Education Levels In Iowa
Education Levels In Iowa
In 2014, of the approximately 2 million Iowans over the age of 25, 92 percent had earned a high school diploma or higher.11 The percentage of Iowans with high school diplomas was greater than the national average for all age groups.12 Iowa was the first state in the nation to achieve a high school graduation rate over 90 percent and is one of six states where the graduation rate of low-income students is above 82 percent, the national average for all students. However, the low-income student graduation rate still falls behind that of higher income students by 10 percentage points in Iowa.13
Of the 2 million Iowans over age 25, 60 percent participated in some education or training beyond high school, 47 percent completed a certificate or other high-quality postsecondary credential14, 39 percent have an associate degree or higher, 28 percent have a bachelor’s degree or higher and 9 percent have a graduate degree.11 Iowa’s most educated counties are Story and Johnson, homes of Iowa State University and the University of Iowa, respectively. Compared to the U.S., Iowa’s younger adults (age 25-44), are slightly more likely to hold a bachelor’s degree. However, the national bachelor’s degree attainment level is higher for adults age 45 and older. Iowa ranks 22nd in the nation in percent of the population over 25 with an associate degree or higher and 30th with a bachelor’s degree or higher.15
Reaching 70 Percent by 2025
Meeting the governor’s educational attainment goal of 70 percent of Iowans completing some postsecondary education or training by 2025 will require an increase of 10 percentage points, or 150,000 people.16 Therefore, the number of people in the workforce with postsecondary education must grow from the current value by an additional 15,000, on average, each year over the next 10 years. To achieve the level of educational attainment required for Iowa’s 2025 job market,1 the number of bachelor’s degree holders must increase by approximately 31,000.
Minority Attainment Gaps
Significant gaps exist in the educational attainment of minority populations in Iowa.17 Currently, 44 percent of black and 64 percent of Hispanic Iowans over 25 have not completed any education or training beyond high school. Only 12 percent of black and 9 percent of Hispanic Iowans have bachelor’s degrees as their highest degree attained. It is projected that 21 percent of jobs in Iowa will require bachelor’s degrees by 2025. Given the educational needs of Iowa’s workforce now and in the next decade, these gaps will limit black and Hispanic Iowans from having equal access to all career levels.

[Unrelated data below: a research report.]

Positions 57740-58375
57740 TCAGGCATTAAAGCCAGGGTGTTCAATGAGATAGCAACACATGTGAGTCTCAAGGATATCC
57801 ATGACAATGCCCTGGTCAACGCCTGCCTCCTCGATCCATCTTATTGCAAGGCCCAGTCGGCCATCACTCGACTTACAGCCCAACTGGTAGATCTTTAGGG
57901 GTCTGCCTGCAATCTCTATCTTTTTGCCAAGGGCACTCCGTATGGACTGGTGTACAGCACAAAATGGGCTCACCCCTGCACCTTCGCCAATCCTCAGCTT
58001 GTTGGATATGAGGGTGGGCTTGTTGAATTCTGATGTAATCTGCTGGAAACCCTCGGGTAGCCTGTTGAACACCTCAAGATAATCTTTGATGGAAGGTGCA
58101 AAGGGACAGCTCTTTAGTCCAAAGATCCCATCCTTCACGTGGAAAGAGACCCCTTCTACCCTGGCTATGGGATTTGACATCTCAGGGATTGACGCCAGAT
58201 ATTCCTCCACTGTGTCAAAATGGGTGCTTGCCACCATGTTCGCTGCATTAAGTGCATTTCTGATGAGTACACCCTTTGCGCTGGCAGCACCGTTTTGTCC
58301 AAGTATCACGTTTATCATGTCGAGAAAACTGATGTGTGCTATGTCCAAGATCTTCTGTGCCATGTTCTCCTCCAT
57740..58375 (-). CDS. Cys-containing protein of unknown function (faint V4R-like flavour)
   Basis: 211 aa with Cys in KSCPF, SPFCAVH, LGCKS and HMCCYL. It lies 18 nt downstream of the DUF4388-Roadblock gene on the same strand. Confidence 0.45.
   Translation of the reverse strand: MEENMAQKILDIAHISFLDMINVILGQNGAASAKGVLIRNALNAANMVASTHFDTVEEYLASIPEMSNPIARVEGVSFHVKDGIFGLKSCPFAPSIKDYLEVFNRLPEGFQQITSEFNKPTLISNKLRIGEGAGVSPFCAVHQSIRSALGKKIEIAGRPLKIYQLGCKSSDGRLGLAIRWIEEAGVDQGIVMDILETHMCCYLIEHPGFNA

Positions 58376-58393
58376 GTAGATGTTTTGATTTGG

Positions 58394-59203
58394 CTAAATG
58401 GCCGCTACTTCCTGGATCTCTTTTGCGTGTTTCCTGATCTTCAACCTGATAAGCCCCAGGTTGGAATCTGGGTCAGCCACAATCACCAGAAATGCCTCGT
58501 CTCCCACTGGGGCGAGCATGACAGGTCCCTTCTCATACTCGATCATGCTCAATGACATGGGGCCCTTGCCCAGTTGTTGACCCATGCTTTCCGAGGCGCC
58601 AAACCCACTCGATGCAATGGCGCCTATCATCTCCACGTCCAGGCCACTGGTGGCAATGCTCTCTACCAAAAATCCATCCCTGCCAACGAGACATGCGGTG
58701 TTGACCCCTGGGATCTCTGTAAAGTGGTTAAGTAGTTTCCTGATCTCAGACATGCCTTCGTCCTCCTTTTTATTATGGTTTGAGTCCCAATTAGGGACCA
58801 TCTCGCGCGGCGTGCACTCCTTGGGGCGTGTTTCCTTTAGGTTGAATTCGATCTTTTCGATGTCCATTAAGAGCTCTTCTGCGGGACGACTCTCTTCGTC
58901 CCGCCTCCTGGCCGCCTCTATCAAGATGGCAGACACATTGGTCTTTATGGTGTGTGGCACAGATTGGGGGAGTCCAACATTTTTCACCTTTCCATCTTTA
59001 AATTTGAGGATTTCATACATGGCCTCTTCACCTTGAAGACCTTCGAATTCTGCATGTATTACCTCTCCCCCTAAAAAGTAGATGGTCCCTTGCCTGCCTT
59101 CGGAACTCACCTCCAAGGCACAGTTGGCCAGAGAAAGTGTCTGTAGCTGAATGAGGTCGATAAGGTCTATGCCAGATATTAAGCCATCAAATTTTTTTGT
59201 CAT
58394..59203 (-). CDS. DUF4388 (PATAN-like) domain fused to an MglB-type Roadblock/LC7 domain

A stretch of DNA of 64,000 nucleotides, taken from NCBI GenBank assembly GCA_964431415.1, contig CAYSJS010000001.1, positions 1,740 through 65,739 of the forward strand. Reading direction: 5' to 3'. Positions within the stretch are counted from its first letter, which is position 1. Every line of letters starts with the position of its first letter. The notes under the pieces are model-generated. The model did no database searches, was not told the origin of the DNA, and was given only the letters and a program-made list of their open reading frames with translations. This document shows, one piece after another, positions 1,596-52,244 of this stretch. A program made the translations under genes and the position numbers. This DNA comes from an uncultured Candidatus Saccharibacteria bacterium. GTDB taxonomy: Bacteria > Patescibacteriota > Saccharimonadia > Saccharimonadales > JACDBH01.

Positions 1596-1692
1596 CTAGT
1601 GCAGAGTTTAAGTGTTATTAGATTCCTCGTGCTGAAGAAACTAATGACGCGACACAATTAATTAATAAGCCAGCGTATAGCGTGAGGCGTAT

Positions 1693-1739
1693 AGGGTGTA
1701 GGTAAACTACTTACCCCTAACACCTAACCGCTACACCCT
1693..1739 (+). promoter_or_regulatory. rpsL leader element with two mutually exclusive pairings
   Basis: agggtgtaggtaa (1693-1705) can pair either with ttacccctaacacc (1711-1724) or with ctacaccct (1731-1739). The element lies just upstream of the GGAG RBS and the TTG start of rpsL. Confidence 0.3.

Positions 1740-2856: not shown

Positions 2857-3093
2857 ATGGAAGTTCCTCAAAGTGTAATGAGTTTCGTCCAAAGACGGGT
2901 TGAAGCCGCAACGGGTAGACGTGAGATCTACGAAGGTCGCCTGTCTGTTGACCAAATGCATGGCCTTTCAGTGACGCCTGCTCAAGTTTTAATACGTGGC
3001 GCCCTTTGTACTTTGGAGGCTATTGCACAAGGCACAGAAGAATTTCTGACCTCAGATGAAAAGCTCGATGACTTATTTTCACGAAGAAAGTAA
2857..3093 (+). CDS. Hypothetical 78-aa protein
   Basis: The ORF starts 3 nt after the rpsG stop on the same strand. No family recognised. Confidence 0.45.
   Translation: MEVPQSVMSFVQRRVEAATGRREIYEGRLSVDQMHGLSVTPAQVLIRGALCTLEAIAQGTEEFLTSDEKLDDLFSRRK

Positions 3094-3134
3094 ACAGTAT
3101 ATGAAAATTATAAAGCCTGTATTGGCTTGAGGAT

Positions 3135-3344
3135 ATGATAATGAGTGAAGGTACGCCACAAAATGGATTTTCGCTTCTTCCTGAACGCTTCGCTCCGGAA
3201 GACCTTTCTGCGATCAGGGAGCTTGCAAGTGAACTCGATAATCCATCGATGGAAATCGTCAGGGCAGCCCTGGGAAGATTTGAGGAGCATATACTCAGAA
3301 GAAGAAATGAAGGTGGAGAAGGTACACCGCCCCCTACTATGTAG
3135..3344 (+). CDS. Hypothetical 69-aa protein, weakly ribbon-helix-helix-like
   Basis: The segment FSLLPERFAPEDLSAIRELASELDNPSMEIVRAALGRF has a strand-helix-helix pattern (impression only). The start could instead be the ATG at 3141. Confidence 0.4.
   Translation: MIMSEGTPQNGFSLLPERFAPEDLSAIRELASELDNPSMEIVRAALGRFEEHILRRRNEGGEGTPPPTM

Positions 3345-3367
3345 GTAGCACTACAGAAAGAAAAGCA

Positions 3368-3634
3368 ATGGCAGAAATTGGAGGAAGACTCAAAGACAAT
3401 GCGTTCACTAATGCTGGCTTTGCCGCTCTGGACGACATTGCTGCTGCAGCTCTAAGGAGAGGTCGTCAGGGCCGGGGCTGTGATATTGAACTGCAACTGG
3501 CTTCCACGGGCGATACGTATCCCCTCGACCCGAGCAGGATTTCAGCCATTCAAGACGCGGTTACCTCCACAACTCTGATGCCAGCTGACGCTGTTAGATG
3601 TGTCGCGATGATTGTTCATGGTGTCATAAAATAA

Many factors contribute to the lower likelihood that black and Hispanic high school students will enroll and eventually graduate from postsecondary institutions. These include the availability of financial resources, access to relevant information, support from peer groups and preparation for academic rigor.17 The GEAR UP Iowa program (Gaining Early Awareness and Readiness for Undergraduate Programs) and 3-Step Process are two Iowa College Aid programs aimed at increasing awareness of postsecondary options and helping students complete necessary steps to continue their education.
11) U.S. Census Bureau, American Community Survey 1-Year Estimates. (2014). Sex By Educational Attainment for the Population 25 Years and Over.
12) U.S. Census Bureau, American Community Survey 1-Year Estimates. (2014). Educational Attainment.
13) Civic Enterprises. (2016). Building A Grad Nation, Data Brief: Overview of 2013-14 High School Graduation Rates.
14) Lumina Foundation. (2016). A Stronger Nation.
15) U.S. Census Bureau, American Community Survey 5-Year Estimates. (2010-2014). Educational Attainment.
16) Woods & Poole Economics, Inc. Washington, D.C. Copyright 2015. Woods & Poole does not guarantee the accuracy of this data. The use of this data and the conclusion drawn from it are solely the responsibility of Iowa College Student Aid Commission.
17) Heymann, J. (anticipated 2016). Racial Educational Attainment Gap in Iowa. Iowa College Student Aid Commission.